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The NJE at Indo, Whitechapel

The NJE at Indo, Whitechapel
Gareth Thompson By

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The NJE
Indo, Whitechapel
London
January 30, 2018

There has been a drinking establishment at 133 Whitechapel Road, east London, since the eighteenth century. A music license was first obtained in 1856 when the site was rebuilt after fire damage. Now a narrow bar, bookended by stained glass windows and a magnificent mirror, Indo hosts a monthly free gig by The NJE (Near Jazz Experience).

The trio's leader and saxophonist Terry Edwards arrived fresh from blowing on the new record by indie darlings Franz Ferdinand. He accepted a house pizza which he placed on the bar next to your humble scribe, "just to tempt you." The place was heaving before the music even got started, as drummer Simon Charterton set up his kit under a vintage clock. The bar is full of assorted curiosities and is where the band shot a video for their cover of "Voodoo Child (Slight Return)." Of course this got an airing, with Edwards using a wah-wah pedal to phase his sax into full Jimi Hendrix mode.

The set was mostly arranged and improvised around the band's debut album Afloat. Edwards shifted between alto and tenor, sometimes using the double-sax technique to honk like the noise of a beautiful traffic jam. He blew a pocket trumpet, muted tenderly, as if sighing a lament for barflies everywhere. Dapper in a grey suit, he also muffled his saxophones using either the mic or his raised thigh, like a consummate showman.

Mark Bedford on bass kept up a funky flow, nodding at The NJE's leanings towards Krautrock. Before a brief interval, Edwards wryly advised the audience to drink responsibly, whilst enjoying another large glass of red himself. The trio returned with a piece driven by tabla grooves, as a crowd of young men smoking on the street outside began a circular dance. We might have been witnessing a New Orleans 'ring shout' circa 1820.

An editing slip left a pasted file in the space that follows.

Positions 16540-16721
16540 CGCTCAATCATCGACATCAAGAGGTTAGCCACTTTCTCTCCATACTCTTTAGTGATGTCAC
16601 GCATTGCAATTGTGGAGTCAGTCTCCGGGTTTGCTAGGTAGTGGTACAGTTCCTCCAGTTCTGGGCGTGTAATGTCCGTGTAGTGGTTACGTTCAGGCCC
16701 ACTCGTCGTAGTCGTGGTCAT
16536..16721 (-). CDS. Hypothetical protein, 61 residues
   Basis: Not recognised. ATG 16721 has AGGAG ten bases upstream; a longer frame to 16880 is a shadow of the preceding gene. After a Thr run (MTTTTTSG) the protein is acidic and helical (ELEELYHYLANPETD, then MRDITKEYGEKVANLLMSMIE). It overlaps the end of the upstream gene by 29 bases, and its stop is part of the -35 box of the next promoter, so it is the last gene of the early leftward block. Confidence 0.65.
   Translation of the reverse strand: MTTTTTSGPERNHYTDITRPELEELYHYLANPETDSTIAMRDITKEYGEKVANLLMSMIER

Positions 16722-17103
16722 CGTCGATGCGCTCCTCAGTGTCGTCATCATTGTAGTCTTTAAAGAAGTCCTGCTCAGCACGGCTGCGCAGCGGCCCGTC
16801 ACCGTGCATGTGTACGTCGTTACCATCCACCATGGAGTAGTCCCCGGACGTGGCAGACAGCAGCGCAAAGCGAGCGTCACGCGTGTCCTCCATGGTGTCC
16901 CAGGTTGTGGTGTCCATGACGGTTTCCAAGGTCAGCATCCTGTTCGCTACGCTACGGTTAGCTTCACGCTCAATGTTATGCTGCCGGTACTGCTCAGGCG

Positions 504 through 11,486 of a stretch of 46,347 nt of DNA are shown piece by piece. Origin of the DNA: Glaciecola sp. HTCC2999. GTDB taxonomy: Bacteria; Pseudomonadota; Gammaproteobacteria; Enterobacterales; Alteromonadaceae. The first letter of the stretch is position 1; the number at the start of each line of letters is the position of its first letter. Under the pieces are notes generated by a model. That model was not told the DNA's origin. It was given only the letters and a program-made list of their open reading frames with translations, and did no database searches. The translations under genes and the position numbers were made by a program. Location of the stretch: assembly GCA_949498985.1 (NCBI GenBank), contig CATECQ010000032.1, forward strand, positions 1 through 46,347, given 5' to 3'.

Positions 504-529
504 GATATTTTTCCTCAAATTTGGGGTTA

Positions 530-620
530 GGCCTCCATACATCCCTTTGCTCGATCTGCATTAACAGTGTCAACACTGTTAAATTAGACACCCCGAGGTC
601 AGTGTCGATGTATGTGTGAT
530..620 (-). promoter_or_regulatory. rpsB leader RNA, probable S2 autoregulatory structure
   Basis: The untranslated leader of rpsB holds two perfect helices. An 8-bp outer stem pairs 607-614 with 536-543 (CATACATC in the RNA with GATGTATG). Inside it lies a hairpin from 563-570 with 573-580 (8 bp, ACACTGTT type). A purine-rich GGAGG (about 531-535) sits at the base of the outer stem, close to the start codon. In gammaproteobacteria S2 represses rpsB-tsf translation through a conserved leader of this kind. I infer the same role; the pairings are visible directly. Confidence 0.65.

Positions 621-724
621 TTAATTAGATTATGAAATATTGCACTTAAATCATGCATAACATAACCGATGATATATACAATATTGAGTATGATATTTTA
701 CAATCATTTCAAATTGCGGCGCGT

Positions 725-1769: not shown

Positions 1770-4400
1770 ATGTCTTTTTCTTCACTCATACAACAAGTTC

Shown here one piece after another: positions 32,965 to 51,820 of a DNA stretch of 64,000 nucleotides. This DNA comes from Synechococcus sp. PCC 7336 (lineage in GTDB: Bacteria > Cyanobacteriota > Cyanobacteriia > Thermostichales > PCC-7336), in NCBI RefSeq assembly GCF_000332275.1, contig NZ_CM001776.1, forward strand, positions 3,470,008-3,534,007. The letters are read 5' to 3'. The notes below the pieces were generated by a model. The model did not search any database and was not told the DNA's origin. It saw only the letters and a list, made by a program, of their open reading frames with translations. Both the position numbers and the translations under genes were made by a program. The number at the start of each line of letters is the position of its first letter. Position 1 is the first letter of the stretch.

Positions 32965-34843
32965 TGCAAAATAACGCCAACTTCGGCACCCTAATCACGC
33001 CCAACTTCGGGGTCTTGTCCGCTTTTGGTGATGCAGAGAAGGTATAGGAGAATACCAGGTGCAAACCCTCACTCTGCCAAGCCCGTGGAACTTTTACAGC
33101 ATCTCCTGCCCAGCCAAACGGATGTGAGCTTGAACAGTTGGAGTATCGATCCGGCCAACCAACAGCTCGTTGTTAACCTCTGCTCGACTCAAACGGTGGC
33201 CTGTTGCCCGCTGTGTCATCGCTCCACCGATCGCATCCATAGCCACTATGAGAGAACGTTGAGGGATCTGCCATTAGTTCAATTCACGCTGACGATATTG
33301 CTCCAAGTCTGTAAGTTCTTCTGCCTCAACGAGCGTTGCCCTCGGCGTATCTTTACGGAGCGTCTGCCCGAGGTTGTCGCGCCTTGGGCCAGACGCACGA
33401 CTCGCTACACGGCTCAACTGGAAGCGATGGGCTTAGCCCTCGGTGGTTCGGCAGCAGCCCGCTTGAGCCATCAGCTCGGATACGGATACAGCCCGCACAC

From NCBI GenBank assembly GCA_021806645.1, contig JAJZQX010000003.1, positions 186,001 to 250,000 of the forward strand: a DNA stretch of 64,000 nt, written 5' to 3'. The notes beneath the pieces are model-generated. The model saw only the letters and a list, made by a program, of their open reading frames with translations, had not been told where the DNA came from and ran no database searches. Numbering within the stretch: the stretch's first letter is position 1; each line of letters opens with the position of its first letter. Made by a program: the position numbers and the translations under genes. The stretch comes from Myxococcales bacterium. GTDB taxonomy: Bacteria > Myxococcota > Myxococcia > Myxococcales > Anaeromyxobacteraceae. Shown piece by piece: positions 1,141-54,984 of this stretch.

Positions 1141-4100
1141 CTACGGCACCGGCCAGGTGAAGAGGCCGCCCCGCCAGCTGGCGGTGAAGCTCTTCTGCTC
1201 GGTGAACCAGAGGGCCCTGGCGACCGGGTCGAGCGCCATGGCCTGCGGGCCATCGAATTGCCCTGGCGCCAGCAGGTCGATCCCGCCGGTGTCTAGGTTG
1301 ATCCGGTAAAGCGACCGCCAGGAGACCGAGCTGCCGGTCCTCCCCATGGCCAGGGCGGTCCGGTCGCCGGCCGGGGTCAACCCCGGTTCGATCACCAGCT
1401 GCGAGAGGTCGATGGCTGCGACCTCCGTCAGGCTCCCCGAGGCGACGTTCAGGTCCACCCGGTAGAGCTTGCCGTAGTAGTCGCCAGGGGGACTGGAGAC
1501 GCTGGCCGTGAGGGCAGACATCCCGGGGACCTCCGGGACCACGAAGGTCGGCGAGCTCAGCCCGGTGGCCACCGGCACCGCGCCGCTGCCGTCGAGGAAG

Not that the scene inside was any less animated when Edwards handed out egg-shaped shakers. These mini-maracas were rattled by the crowd until Indo was awash with a kind of ritualised rain dance. There was also time for the band to honour recently deceased English rock eccentric Mark E Smith, with a take on his rockabilly piece "The Container Drivers."

Two nights later, The NJE delivered another smoking set at London's legendary Roundhouse, in support to Nadine Shah. Given the fan base Edwards's band is gaining among jazz fans and mainstreamers alike, you might wish to catch them at Indo, with its stuccoed Italianate frontage, before the place can no longer restrain them.

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